How is the Rosetta Stone Latin American Spanish course?

How is the Rosetta Stone Latin American Spanish course?

As a Spanish teacher, I am always curious about the different language learning programs out there, especially the ones for independent learners. An avid yet busy learner myself, I like to try out other languages using online resources because I don’t have the time to take a formal course. 

My students are teenagers and young adults that can dedicate most of their time to studying, yet most people out there are busy and need a program that is more flexible than a traditional course. On the other hand, there are also full-time students that really want to learn a language but can’t fit it into their academic schedule, so they need a good alternative program. If either of these categories describe you, then language learning apps such as Lingodeer, Duolingo, and Rosetta Stone may be what you are looking for!

Rosetta Stone has been a household name for almost 20 years – I remember seeing the commercials on TV when I was a kid. Spanish is one of Rosetta Stone’s strongest languages because it’s one of the first foreign languages with which the program premiered in the 1990’s. Before, I never had a reason to try it because I learned Spanish in school, but now that I am a working adult I thought I would give it a try and share my thoughts with those that are seeking the right Latin American Spanish program for them!

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Price

As of writing this review, you can buy a Rosetta Stone Latin American Spanish 3 month package for $35.97, a 12-month package for $179, or a lifetime unlimited plan that includes all of Rosetta Stone’s languages for $199. This makes it the most expensive and least flexible option because customers are unable to pay per month. There is also no free version of Rosetta Stone, only a 3-day free trial (there is a longer free trial for students).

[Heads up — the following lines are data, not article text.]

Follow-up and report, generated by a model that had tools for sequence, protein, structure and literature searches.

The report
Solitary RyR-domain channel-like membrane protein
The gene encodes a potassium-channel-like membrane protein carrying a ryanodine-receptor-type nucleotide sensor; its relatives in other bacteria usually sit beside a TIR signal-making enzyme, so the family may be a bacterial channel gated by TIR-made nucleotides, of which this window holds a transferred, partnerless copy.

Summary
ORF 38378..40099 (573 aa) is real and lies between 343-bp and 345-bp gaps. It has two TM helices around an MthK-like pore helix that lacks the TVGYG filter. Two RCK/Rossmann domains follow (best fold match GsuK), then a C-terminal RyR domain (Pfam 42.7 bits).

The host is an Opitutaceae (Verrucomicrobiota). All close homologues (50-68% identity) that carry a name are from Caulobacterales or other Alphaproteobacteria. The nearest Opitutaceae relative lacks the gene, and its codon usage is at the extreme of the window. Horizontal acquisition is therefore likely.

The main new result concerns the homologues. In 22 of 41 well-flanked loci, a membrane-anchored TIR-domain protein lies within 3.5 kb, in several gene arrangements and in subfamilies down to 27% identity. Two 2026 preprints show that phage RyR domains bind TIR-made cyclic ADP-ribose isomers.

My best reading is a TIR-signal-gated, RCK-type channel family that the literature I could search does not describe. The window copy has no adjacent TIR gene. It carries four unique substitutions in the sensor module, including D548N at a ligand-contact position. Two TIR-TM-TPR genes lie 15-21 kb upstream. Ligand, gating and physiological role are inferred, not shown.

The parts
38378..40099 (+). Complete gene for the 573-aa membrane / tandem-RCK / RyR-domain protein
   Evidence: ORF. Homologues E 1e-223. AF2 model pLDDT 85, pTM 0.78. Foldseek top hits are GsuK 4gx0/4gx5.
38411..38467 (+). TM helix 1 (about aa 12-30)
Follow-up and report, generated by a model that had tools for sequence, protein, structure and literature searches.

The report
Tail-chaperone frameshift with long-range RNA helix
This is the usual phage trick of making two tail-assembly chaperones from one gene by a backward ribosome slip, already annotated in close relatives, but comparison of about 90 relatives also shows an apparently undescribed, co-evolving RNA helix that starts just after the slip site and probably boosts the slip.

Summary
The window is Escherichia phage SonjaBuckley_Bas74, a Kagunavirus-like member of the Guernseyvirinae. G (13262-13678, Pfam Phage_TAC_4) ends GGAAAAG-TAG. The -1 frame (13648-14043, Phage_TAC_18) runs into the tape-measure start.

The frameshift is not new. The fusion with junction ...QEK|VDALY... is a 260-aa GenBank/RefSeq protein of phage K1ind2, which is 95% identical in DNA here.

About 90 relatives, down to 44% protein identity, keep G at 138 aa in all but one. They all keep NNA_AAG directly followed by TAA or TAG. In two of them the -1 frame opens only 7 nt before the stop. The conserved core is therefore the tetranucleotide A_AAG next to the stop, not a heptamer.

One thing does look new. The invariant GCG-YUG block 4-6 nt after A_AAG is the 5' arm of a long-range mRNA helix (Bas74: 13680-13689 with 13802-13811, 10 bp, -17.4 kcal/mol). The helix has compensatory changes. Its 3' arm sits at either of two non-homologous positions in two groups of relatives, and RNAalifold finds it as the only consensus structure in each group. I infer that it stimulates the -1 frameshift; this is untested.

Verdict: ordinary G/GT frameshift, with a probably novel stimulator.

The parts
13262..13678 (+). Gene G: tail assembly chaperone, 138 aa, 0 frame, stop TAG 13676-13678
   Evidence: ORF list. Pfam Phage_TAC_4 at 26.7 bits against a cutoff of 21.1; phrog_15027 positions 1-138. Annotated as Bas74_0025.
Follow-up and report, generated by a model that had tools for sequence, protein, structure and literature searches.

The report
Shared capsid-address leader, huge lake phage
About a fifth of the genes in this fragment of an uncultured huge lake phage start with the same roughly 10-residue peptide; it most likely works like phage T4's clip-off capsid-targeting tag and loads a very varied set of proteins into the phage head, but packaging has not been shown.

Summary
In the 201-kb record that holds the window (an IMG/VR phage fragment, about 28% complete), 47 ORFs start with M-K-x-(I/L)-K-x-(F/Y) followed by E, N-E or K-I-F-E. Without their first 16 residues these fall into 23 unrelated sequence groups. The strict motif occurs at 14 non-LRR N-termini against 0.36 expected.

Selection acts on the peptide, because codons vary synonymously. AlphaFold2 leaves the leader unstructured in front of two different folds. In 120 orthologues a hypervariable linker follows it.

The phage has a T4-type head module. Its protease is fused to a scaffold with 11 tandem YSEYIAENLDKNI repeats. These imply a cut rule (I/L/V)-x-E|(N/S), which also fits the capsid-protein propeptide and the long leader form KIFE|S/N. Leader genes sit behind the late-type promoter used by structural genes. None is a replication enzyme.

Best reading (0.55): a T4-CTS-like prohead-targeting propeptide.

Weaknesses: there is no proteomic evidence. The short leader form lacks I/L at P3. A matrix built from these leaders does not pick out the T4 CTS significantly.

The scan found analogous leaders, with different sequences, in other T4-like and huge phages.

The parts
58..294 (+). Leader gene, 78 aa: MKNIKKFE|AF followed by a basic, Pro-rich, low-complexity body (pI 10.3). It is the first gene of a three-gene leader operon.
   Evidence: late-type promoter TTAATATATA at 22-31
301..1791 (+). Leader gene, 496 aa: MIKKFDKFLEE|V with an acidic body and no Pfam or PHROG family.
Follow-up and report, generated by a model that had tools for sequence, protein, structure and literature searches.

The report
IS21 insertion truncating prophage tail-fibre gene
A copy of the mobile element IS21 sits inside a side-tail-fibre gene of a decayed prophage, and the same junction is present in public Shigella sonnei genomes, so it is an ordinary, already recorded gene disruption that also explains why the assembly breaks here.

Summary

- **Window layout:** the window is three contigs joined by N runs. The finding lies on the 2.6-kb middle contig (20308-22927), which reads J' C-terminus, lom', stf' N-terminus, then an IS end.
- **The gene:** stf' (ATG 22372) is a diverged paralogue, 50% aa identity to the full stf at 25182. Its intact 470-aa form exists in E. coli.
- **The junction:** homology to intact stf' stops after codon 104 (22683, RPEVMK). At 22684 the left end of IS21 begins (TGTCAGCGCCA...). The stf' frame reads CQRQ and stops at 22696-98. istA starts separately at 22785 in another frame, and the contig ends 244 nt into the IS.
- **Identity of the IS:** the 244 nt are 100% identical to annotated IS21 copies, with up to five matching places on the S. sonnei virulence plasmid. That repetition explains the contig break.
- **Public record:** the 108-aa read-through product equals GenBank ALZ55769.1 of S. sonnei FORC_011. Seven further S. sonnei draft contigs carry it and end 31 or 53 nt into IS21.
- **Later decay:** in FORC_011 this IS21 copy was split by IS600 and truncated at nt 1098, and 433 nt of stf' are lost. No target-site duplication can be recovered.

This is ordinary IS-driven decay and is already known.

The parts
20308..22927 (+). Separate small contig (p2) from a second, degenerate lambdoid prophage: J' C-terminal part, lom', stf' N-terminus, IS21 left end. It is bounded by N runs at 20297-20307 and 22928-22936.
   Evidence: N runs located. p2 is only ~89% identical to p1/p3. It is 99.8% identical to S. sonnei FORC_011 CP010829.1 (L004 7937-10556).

That being said, there is some merit to having to pay more money up front. For one, people may feel more motivated and compelled to complete the lessons in order to get their money’s worth. 

Second, all features are immediately available. You can download lessons and do them offline, there are no ads, and the entire app is at your disposal. 

And last, since Rosetta Stone has been around for much longer than other programs, people are more likely to trust the lifetime plan because of the company’s established track record.

Pro

Investment motivates you to do the lessons and all features are available, such as offline mode

Con

Most expensive and least flexible of the apps

Starting Out with Rosetta Stone — Interface and User experience

When I first downloaded the Rosetta Stone app, it asked me to select a language and learning level (beginner, intermediate, proficient). From there, 4 different plans were presented to me: traveler, career builder, heritage seeker, and language lover. When looking into these plans, they weren’t all that different, but I appreciated that they had some customization.

The Latin American Spanish program starts with a quick introductory lesson that guides you through the app and how the lessons work. You can pause at any time and disable the speaking function if you can’t talk at the moment, however, Rosetta Stone has a heavy focus on speaking and pronunciation so it’s best to use it in a quiet place where you can talk.

Something that irked me though was that the app forced me to go to the Google Play review page. There was no opt out button. Of course, I didn’t have to leave a review and I could just go back to the app, but still. Annoying.

Also, the entire lesson interface is horizontal so you have to rotate your phone each time you leave the main menu and start a lesson. This is not a drawback per se, but definitely noteworthy seeing as other apps tend to be vertical. 

Pro

Con

Learning plans to suit your needs

Intro lesson shows you how to use the features

Forces you to Google Play review page

All lessons are horizontal, so you have to turn your phone

Spanish Curriculum: How Does Rosetta Stone Organize Lessons? 

Like other language learning apps, lessons are organized by topics like greetings and introductions, travel, and shopping. What’s nice about Rosetta Stone though is that you can skip around not only these topics but also the units within the topics. That means you don’t have to do everything in order and wait to unlock lessons! Of course, it’s best to do it in order, but it’s nice to have options.